Monday, June 23, 2014

OPINION: Non-Oil Export and Creative Trade Financing, a Panacea for Unemployment-By Dele Ayemibo

It is no more news that the unemployment rate in Nigeria is becoming very alarming. According to the article published by premium times in October 2013, the Performance Monitoring Report on Government’s Ministries, Departments and Agencies, indicated that the unemployment rate in Nigeria in 2010 was 21.1 per cent, a figure that increased to 23.9 per cent in 2011. “In 2011, Nigeria’s unemployment rose to 23.9 per cent compared with 21.1 per cent in 2010,” the News Agency of Nigeria quotes the report as stating. The report referenced its facts from the National Bureau of Statistics (NBS).

But the good news also is that God has endowed our nation with all that it takes to tackle this problem. In this article, I will be looking at how to solve the problem of unemployment from the perspective stimulating growth in the non-oil export trade in Nigeria. The reason for this is very simple. Nigeria is endowed with great potential to produce and export both Solid Minerals and Agricultural commodities. These two categories of commodities can be exported as primary product, semi-processed or finished goods.

God has so made Nigeria in such a way that no state of this country lacks an exportable Solid Minerals and Agricultural commodities even though some have more than the others. Exportation of these commodities passes through a chain that has great potential of creating different jobs all the way from the farm gate or mining site to the point of exporting them.

A significant growth in the exportation of these commodities will mean growth for the Farmers/Miner, the local buying agents, the commodity merchants, the processing factory, the exporting company.  

It is sad to say that while we have tens of thousands of companies importing different items into Nigeria, less than 600 companies are involved in non-oil export. A number of company that are in the business could not grow at a faster rate because of inadequate funding in that sector. Experts have attributed this to a number of factors but the major one is said to be the lack of financial institutions that are creative enough to come up with trade finance products that are targeted are funding SME Exporters.

In my opinion, there is need for a deliberate policy towards the growth of the non-oil export finance in Nigeria and I think this should be championed by the CBN.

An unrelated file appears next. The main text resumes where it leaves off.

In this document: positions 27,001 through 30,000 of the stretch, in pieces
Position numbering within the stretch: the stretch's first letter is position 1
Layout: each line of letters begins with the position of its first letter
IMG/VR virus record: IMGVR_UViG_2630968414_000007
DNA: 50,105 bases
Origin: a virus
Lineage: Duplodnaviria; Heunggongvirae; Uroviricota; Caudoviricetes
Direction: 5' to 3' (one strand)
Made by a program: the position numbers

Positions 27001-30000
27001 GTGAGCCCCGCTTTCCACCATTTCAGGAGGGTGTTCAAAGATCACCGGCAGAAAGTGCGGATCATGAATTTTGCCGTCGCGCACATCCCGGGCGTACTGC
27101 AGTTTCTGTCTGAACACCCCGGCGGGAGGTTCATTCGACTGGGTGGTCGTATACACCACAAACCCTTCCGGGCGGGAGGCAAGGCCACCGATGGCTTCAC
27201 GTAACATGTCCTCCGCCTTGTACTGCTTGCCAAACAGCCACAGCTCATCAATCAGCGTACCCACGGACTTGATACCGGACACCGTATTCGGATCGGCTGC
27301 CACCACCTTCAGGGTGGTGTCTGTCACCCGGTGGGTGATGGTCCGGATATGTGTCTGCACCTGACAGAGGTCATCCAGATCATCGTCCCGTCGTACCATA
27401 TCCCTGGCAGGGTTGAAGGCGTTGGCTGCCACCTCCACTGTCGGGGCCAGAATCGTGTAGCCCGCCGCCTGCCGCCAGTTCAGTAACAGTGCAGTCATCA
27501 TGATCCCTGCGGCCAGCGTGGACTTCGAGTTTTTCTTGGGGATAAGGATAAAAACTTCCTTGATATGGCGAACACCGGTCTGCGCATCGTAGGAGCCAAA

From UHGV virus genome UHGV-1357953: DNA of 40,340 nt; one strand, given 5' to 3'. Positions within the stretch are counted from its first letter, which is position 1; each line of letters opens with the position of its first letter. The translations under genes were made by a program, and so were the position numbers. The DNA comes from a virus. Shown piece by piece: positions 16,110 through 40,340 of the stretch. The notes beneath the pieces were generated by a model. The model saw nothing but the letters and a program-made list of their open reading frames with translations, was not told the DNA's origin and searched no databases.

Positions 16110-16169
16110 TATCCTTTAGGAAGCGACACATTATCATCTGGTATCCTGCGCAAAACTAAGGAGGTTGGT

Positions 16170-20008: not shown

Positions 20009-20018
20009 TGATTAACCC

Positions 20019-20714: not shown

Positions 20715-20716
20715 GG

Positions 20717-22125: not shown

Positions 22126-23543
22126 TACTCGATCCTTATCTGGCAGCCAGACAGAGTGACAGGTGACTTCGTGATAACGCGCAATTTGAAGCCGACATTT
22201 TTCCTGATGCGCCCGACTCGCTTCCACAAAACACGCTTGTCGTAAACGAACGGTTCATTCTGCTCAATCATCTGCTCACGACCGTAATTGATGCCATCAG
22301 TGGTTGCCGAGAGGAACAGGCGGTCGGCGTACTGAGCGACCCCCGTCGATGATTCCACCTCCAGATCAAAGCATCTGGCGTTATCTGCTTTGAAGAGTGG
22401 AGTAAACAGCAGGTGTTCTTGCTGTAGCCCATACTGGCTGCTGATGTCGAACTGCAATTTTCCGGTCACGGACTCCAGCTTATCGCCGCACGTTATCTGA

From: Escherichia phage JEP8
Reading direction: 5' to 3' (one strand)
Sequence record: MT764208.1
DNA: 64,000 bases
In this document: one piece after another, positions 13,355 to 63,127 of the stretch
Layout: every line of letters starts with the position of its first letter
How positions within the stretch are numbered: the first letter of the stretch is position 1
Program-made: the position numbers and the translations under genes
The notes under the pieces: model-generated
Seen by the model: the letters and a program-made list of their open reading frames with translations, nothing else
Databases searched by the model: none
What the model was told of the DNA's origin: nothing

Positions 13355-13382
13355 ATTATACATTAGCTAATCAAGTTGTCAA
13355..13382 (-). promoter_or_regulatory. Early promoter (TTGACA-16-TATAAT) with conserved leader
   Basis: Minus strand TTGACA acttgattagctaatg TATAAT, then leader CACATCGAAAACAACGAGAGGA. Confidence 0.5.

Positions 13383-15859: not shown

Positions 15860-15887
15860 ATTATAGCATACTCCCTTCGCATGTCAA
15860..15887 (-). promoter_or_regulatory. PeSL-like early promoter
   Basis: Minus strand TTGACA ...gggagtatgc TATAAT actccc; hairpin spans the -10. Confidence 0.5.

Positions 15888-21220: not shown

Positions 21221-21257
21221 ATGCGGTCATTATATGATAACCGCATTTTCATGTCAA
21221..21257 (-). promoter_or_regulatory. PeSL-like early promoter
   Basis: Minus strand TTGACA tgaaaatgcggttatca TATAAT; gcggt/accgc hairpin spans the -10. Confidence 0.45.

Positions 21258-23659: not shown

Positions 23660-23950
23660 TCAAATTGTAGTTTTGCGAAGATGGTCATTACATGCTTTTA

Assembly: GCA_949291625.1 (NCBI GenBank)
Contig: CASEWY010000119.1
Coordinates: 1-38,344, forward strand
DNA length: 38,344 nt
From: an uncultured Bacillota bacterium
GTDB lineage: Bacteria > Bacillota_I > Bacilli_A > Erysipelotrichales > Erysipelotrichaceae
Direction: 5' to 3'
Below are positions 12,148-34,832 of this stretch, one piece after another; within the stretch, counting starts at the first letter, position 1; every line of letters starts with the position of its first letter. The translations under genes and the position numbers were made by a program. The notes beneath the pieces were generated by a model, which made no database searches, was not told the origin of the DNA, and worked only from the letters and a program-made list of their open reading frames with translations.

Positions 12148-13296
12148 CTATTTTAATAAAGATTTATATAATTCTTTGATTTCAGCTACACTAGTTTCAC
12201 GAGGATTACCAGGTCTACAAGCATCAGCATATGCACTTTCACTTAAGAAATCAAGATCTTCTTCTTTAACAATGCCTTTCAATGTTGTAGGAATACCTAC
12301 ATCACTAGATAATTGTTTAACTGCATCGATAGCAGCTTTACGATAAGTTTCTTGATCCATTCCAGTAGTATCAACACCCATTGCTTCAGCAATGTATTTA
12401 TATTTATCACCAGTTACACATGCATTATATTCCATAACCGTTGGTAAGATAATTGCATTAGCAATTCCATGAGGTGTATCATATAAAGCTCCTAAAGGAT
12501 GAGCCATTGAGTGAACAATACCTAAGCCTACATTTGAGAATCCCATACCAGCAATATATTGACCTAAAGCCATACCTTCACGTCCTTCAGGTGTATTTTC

Please find below my suggested sustainable solutions to funding of the SME non-oil exporters in Nigeria

Government/CBN should make laws/regulations to encourage the establishment of specialized banks that will only finance export transactions. These laws/regulations should allow private individuals to establish export focused banks and Government/CBN should own and contribute 50% of these banks capitalization so as to have a good control over its operations and thus enable the government to achieve her dreams of growing the SME exporters in Nigeria. The law/regulations should stipulate the following among other things as might be deemed necessary by the Government/CBN:

a.     The export banks are to finance only export transactions and any financing done outside this should be penalized.
b.    The export banks should offer trade finance products like Export Credit guarantee, Export Credit Insurance, Factoring, Forfaiting, Invoice discounting etc.
c.     The interest rate on the export financing facilities from this bank should be set by the Central Bank and should be lower than the prevailing rate in the market at any point in time.
d.    The export banks should be given tax holiday as an incentive to attract a lot of investor to the scheme.
e.     Government should reward any of the export banks that have the highest export finance facility portfolio at the end of each financial year.
f.     The export banks should offer both pre and post export financing to exporters.
g.    The banks should only finance SME exporting companies or cooperatives with at least 6 month experience in the business and with Bill of lading records of export and evidence of receipt of export proceeds from the buyers abroad.
h.     The banks should only finance SME exporting companies that are owned 100% by Nigerians
i.      The export bank should have a warehouse where all the products that they are financing are inspected to ascertain the quality before they are exported.
j.      The export bank should grant export facility that is as low as 1 Million Naira and as high as 50 Million Naira to the SME exporters
k.     The goods should be used as collateral for post shipment financing while equity contribution of 30-50% must be a pre-requisite for pre-shipment financing.
l.      The export financing facilities from the export bank should cover the export of solid minerals and agricultural commodities, semi-processed products and finished goods.
m.   The export bank financing facility should only be granted to export transactions with Letter of Credit, Sight Bill for Collection and tenored Bill with Avalised Bill of Exchange.

I expect that some people will say that we already have a NEXIM Bank doing this, but we all know that NEXIM is a government institution, it is not a profit driven organization and they are also under so much political influence. All these have gone a long way to hinder their performance over the years and  since inception.

In conclusion, if the Government/CBN can adopt what have been suggested in this article, modify it as might be required, implement it to the letter and give the adequate publicity in order to make it known to the general public, we will be on our way to the commencement of a systematic and sustainable approach to drastically reducing the very high unemployment rate in our dear Nation Nigeria.

Long Live Federal Republic of Nigeria!!!

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